Anthony Carter arrived in 1979 and started as a true freshman, and really opening things up because he was lightning in a bottle. Something no one had seen at Michigan. The last great receiver at UM before this was WB Jim Smith on end-around plays and buck counters, and Michigan was a 98% option team in 1973-1976.

It was the 1979 season itself that convinced Bo to evolve and pass more, though Michigan started passing a lot more starting in 1977 with Rick Leach and talented WRs like Ralph Clayton and TE Doug Marsh and SE Curt Stephanson.  1977 was the year college football started to see the rise of innovative passing attacks at Washington State, BYU, Stanford, Washington and others, while Alabama, Oklahoma, Nebraska, Ohio State, Michigan and USC were still throttling opponents on the ground.

Yes, Michigan lost Rick Leach to graduation, but 1979 had Michigan with returning very experienced backup BJ Dickey (great passer in HS, but utilized more as quick option runner at UM), John Wangler (injured in 1977 with pinched nerve in neck) and then true freshman sensation Rich Hewlett.

The 1980 season was impressive for the UM passing attack because of Wangler's accuracy and his more perfected timing with Carter, as well as a tough screen game. Wangler was not as good of an option QB as Dickey. On the edge no one could adequately cover Carter, even with double-coverage tactics.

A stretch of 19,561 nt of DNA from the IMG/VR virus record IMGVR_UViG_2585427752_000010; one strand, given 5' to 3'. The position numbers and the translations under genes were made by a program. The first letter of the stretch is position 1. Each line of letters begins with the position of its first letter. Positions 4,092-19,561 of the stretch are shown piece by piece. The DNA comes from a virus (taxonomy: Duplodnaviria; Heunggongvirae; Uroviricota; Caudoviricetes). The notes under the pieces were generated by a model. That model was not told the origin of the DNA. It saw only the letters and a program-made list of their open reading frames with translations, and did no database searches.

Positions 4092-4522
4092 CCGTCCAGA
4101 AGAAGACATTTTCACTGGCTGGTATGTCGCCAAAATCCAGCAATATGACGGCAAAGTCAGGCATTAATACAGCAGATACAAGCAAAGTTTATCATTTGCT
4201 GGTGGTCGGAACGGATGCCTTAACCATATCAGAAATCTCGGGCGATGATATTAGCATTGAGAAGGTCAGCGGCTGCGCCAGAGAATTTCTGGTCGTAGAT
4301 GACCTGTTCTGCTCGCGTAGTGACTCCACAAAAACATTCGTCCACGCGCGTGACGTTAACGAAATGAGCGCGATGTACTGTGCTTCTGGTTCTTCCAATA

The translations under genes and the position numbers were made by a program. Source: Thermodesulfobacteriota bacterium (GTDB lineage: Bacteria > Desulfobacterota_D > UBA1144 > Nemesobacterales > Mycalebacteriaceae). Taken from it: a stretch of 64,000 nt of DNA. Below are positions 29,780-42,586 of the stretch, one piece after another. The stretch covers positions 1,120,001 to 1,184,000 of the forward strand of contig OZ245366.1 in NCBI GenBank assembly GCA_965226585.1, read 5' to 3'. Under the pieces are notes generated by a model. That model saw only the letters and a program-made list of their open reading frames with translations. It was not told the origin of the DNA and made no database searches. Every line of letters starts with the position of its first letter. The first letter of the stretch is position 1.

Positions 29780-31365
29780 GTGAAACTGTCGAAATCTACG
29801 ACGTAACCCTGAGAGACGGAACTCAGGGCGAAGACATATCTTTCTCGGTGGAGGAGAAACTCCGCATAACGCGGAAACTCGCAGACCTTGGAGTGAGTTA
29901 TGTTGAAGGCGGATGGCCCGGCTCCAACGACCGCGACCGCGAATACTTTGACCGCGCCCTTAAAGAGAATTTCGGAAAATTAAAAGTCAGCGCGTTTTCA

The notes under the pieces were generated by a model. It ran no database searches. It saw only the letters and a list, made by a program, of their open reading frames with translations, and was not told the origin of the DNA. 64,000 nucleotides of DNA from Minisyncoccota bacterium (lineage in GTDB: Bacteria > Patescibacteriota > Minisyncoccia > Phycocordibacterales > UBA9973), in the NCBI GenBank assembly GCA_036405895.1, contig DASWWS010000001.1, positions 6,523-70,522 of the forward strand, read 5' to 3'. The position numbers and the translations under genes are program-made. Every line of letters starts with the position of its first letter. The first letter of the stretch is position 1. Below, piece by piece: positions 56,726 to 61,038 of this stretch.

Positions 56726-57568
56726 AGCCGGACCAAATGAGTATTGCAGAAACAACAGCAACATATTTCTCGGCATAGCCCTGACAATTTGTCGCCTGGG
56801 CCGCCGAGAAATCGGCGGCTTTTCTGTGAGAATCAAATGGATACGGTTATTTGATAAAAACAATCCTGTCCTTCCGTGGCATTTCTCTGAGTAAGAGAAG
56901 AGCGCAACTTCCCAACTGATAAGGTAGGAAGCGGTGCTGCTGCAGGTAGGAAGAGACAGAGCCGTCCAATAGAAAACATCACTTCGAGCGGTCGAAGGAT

Truth is, Bo was so convinced to open up the passing offense from the 1980 season that in 1981 he started sophomore QB Steve Smith, the No. 1 college QB recruit in the nation in 1980, and soon moved Hewlett to DB.  Dickey, a 5th year senior, did not start, and served as backup QB and holder. The 1981 Michigan offense with QB Steve Smith was essentially a full blown return to the Option I attack of the 1970s that Bo so loved, because Smith was a very quick and also tough runner, and very talented at operating the triple option reads and breaking tackles. Smith was the second coming of Rick Leach basically.  Like Leach, Smith's passing as a sophomore left a lot to be desired, but it improved gradually in 1981 and subsequent seasons.  But Steve Smith's legs kept Michigan in the option offense groove until Jim Harbaugh became in the starter in the 1984 season.

 

 

Chitown Kev

January 14th, 2019 at 10:05 PM ^

I will confess that I still think that the defense on this 1980 team was even better than the '97 defense...I was at that game when that amazing streak of giving up no TD's started (against Illinois)

IMB87

January 16th, 2019 at 9:22 PM ^

I know you guys came up with the 1985 season as a comparison, but how about the 1988-89 team?  Like the 1980 team, this one also came back to have a great season after opening with two losses, including games we could have won against ND and Miami. Also like the 1980 team, the 1988 team was coming off a somewhat disappointing 1987 season (losses to ND, MSU, OSU and Indiana).  Both teams finished ranked fourth in the nation.   

There was a special, probably unique, appreciation of that Rose Bowl win on January 1, 1981.  You had to see Michigan lose all those bowl games up until then and you just never thought we'd win one.